Why can't I get my 2TB Passport Ultra to work with my Apple Express router?

I re-formatted my new 2TB WD external hard drive to work with Time Machine on my MacBook Pro, but when I connected it to my Airport Express router Time Machine no longer will work with it. It tells me that the backup disk is not available.
It’s formatted the right way, with one partition, GUID and Mac OS Extended (Journaled), and non-encrypted. We backed up 4 computers to the 1TB Seagate through the Airport Express, and formatting that one last year was easy. But I’ve formatted and reformatted this WD drive multiple times, and every time it’ll work if I plug it in to my laptop and start Time Machine, but I’ll get that error message when I plug it into the AE (it’s the flat one, not the tower). I’m beginning to think that this hard drive is incompatible with Time Machine. Any ideas?

deleted comment, please remove.

Isn’t this the right place to post? I’m trying to use my Passport to wirelessly back up several computers through an Airport Express router, and not having any success.

OK, a couple of things. Your message has now been posted in the correct forum by a moderator. Before, you were in the My Passport Wireless forum and that is what I said to you, Your passport is not a wireless type which is different than all the other hard drives that need to be connected to a computer, The wireless one doesn’t need to be connected to a computer. Now, what I wrote to you is wrong and I will edit my comment or delete it if I can.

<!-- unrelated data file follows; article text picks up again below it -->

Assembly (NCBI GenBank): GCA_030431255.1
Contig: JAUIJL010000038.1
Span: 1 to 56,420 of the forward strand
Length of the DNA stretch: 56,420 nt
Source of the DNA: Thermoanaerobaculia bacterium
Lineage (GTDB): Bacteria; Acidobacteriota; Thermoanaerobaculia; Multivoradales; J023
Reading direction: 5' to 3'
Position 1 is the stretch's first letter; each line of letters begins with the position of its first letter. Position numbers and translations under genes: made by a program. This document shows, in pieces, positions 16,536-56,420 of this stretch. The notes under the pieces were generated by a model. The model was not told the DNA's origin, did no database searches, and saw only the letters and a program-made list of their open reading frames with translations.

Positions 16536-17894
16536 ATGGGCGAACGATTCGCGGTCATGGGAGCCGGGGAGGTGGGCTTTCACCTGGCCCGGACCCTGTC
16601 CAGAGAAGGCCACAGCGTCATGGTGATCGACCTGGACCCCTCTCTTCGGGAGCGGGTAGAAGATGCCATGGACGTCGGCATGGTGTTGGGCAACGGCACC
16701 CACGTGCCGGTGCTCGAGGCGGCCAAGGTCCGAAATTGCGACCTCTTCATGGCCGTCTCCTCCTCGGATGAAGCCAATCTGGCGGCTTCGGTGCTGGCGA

So, you are starting fresh, I don’t have your equipment, so someone else needs to help you out.

Do I need to re-post somewhere to have my question seen? My Mac guy has been doing some research, and has found that some people have issues with using larger hard drives with the older AE, which is what I have. I’m thinking that I may need to buy a newer AE (the tower, rather than the flat one I have). Your thoughts?

No, you don’t need to repost. this post jumps to the front of the queue each time there is a reply to it.

Routers usually do not affect hard drive performance. large HDs can affect computer and devices they are connected to sometime, but then I suppose your Mac would tell you so. Maybe you just have an older and slower router that may not even be an N-type router.

Why (and how) are you connecting HD to router, anyway? All you need to do is connect the HD to a computer – no router involved. If you have a functional home network, then perhaps that is why. I have a HD connected to my router, but not for back up. It holds media files I can stream from router to devices at home or away.

So don’t go spending money on a new router just yet. You may not need one. And, if it turns out you need one, you do not have to buy an overpriced one with an Apple logo on it. Last year I replaced my daughter’s old Apple 1st gen N router with a newer one. It does more and cost less. It could be that Apple routers have some special bells and whistles for adding features for Mac devices. But, I doubt it, and it appears you would have difficulty even finding out that it does since you differentiate routers by using words like towers and flat ones. That is no differentiation at all!

Like I said, let an Apple fan help you out.